Hallstatt is a perfect hub for exploring the Austrian lake district. From here you can travel between steepled villages on easy footpaths, indulging in the odd lake crossing.

Level/time Typically easy, pleasant walking through Julie Andrews terrain. Allow from three days to a week.

Getting there Ryanair (ryanair.com) flies from Stansted to Salzburg from around £75 return, then take a bus to Hallstatt for around €30 (huttleceskykrumlov.com). See walking trails from Halstatt at tinyurl.com/halstatthike.

Kastelli Kissamos, Crete

Base yourself in Kastelli Kissamos in the far north-west of Crete and you have access to a variety of routes, taking in necropolises, deserted coastal paths and olive groves. Don’t miss the beautiful Sirikari Gorge.

Level/time Walks to suit any level, though beware of summer heat. Between five days and a week is ideal.

Getting there Several budget airlines fly to nearby Chania from about £100 return. Check out The High Mountains of Crete (£14, Cicerone, tinyurl.com/highcrete) for walking routes.

Durmitor national park, Montenegro

Parts of Montenegro’s coast buzz with wealth, but the interior is all crumbling mountains and dark, Balkan wilderness, refreshingly undeveloped. Durmitor national park’s trails can be accessed from the well-serviced hub of Zabljak, on the edge of the park.

Level/time All levels. Allow five days: two to travel, three to walk.

Getting there Monarch (monarch.co.uk) has returns from Gatwick to Dubrovnik from £105, then hire a car for the short hop over the border.

Tuscany, Italy

The historic hilltop villages of San Gimignano, Colle di Val d’Elsa, Strove and Monteriggioni are close enough to be linked with pleasant one-day walks.

Level/time Easy walking through open countryside and villages. Can be hot in summer. Allow a long weekend.

Getting there Budget airlines fly to Pisa from about £1oo return. Find good-value accommodation at thriftytuscany.com. Get hold of a copy of Walking in Tuscany by Gillian Price (£15, Cicerone, tinyurl.com/tuscanyprice) before you go.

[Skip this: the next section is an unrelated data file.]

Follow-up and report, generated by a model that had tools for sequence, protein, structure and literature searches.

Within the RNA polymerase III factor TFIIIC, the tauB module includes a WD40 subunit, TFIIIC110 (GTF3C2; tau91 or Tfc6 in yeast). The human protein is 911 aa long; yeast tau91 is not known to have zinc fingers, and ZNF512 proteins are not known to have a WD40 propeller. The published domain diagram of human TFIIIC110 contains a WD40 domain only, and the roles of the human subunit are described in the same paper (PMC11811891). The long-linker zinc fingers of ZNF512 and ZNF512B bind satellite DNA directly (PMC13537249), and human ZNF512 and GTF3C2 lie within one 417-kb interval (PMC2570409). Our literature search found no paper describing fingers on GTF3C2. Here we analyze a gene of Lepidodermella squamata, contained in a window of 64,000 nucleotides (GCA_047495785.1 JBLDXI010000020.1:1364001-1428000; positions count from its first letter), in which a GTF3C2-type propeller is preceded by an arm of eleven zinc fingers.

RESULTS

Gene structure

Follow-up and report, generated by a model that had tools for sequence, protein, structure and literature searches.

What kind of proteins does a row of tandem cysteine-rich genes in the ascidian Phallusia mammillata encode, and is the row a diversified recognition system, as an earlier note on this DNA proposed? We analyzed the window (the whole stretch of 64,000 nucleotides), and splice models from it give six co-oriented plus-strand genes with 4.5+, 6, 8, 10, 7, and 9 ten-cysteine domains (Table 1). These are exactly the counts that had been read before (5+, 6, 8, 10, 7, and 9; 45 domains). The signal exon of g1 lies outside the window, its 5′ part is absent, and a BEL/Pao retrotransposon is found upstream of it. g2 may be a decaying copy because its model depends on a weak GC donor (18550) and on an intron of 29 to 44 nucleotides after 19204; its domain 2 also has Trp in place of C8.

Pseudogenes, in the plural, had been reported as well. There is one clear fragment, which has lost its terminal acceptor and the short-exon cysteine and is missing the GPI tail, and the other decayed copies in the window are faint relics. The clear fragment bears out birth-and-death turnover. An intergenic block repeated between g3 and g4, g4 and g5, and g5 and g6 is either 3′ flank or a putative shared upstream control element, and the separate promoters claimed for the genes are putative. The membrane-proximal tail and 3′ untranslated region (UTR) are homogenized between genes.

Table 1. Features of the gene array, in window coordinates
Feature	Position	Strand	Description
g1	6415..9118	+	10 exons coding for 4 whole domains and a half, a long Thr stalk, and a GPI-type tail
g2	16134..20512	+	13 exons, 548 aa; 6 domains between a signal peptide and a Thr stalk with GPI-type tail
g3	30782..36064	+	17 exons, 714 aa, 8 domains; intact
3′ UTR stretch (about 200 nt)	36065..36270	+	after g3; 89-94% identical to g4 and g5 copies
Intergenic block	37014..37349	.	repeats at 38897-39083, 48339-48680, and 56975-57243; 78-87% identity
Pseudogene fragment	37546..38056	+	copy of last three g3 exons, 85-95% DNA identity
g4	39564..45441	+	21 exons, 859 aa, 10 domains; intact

Tour du Mont Blanc France

Aiguilles Rouges near Chamonix
The Aiguilles Rouges Chamonix, France. Photograph: Alamy

For the best view of the Mont Blanc massif, get yourself on to this elevated path above Chamonix. Do one-day or shorter sections of the route between Les Houches and Argentière, or tackle the Tour du Mont Blanc, a strenuous 250km trail that takes in the most naturally dramatic slices of Switzerland, France and Italy.

Level/time Moderate fitness for the shorter walks; the tour is tougher. Allow a long weekend for the smaller trails; 10 six-hour days for the tour.

Getting there Budget airlines fly to Geneva from £68 return, minibus to Chamonix from £41 return. Hiking maps from chamonix.com; more details ontourdumontblanc.tripod.com.

Kerry, Ireland

Kerry’s hills are eerie and wet, but atmospheric. The range called MacGillycuddy’s Reeks is the finest example of Irish mountainscape, and makes a superb centrepiece for a long weekend. Ideally based in a small cottage. By the sea. Near a pub.

Level/time Moderate – most of the hills have straightforward ways up, but a full traverse of the Reeks ridge requires good mountain walking skills. Allow four days – two either side for travel, and one each for exploring the Reeks and the nearby Dingle peninsula.

Getting there Ryanair (ryanair.com) flies from Gatwick to Cork from £52 return. For walking routes and places to stay see discoverireland.ie.

Jotunheimen national park Norway

Norway can rival the Rockies for a fraction of the time and cash, particularly if you pack a tent. Jotunheimen national park is a sub-Arctic wilderness with trails up and around glaciated peaks such as Norway’s highest, Galdhøppigen.

Level/time Robust fitness an asset. Allow three days to a week.

Getting there Norwegian (norwegian.com) flies from Gatwick to Oslo or Bergen from £90. Grab a trail map at Juvasshytta Visitor Centre (juvasshytta.no).

Via Ferrata, Lake Garda, Italy

First world war soldiers engineered this system of iron ladders and cables. The staggering heights and angles achievable with relatively little skill attract more adventurous walkers. You need a helmet and harness to make your way across screech-inducing drops.

Level/Time Routes are graded but this is definitely adventurous. Allow five days. You’ll also need to get Via Ferrata instruction. Check out Via Ferratas of the Italian Dolomites, Vols 1 and 2 (£15.95, Cicerone, tinyurl/viaferratas).

Getting there EasyJet (easyjet.com) flies from Gatwick to Verona from £62 return. For buses to Riva del Garda see bus company website (atv.verona.it).

Rogers stirk harbour plans skyscrapers for abu dhabi’s maryah plaza

rogers stirk harbour + partners has been chosen to complete their first project in the middle east, a mixed-use development in abu dhabi’s al maryah island district.

richard rogers stirk harbour partners al maryah plaza abu dhabi designboom

in addition to residential apartments, four water-adjacent towers will also contain a 5-star hotel and a host of retail outlets.